Homesickness! Long ago revealed
as fraudulent delusion.
I don't care where
I am alone. It doesn't matter
across what streets, into what house
I drag myself, and my shopping basket--
a house that doesn't know I'm there,
like a hospital or barracks.
I don't care who sees me lie
like a caged lion, snarling slowly,
nor from what society they
thrust me, force me out into
my own internal solitude,
a polar bear in tropic water.
I don't care where I am hurt,
nor where I am insulted.
I do not love my native tongue,
its weak, breast-fed attraction.
I am indifferent to the words
in which someone misunderstands me
(someone who reads magazines
and thrives on gossip columns).
He is Twentieth-Century Man--
my own age was never numbered.
Struck dumb, a rotting log
that marked a path now forgotten.
And I don't care. All things are strange.
All facts. And perhaps what once
was closest is strangest of all.
All signs upon me, all traces
and dates seem wiped away.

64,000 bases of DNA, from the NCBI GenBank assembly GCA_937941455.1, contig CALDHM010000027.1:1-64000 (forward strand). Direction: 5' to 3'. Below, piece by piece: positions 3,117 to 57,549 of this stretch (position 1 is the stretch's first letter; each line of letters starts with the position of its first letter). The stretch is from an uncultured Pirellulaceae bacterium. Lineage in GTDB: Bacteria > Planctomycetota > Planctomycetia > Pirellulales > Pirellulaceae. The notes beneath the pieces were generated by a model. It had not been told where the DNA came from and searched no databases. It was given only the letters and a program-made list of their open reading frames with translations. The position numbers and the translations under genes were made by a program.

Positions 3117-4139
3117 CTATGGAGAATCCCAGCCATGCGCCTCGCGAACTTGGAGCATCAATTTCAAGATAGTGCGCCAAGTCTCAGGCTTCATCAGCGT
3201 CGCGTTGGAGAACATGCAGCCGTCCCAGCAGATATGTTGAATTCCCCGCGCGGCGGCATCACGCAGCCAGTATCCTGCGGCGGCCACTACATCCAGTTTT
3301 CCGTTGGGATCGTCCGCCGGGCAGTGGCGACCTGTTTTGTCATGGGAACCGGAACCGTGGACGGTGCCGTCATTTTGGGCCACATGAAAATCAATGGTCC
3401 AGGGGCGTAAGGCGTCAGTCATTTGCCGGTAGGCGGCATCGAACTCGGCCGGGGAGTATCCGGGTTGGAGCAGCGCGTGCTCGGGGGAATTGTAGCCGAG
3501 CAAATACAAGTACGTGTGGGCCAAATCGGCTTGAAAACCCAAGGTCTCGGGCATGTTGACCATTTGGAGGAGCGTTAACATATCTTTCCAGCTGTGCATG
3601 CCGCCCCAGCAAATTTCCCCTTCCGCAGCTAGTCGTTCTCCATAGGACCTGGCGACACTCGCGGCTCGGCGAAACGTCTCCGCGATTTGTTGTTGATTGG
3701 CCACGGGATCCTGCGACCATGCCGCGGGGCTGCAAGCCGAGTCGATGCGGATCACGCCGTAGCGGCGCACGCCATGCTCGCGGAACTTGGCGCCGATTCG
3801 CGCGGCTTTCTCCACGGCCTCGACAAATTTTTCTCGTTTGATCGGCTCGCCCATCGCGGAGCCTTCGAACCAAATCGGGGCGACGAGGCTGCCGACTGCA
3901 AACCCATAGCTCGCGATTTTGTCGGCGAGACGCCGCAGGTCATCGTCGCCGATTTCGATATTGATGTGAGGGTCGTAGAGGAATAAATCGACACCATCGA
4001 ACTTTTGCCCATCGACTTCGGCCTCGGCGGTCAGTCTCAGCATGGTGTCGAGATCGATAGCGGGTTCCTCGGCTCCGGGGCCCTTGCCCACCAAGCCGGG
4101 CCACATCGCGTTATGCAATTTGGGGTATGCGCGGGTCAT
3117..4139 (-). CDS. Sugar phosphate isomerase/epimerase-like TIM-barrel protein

A soul. Born. Somewhere. Or other.
My homeland cared so little for me
any clever sleuth
may search my soul--
he will find no birthmark.
Each house is strange, each altar bare.
And I don't care. It doesn't matter.
But if, beside the autumn road, I see
a rowan-tree . . .
"тоска по родине!"
Marina Tsvetaeva (May 3, 1934)
Translation by Paul Schmidt
Marina Tsvetaeva (1892-1941) is one of the poets who made me want to study Russian. This is one of her best known poems, and Paul Schmidt's English version reproduces both Tsvetaeva's depth of feeling and the disarming freedom of her associative leaps.
- Anna Demidova reads the poem in Russian
- Tsvetaeva's poem in Russian
- Biographical sketch of Tsvetaeva from the Poetry Foundation
- Tsvetaeva's correspondence with Rilke and Pasternak
- Catherine Ciepiela's study of Tsvetaeva and Pasternak
- My translations of Lermontov, Yesinin and Akhmadulina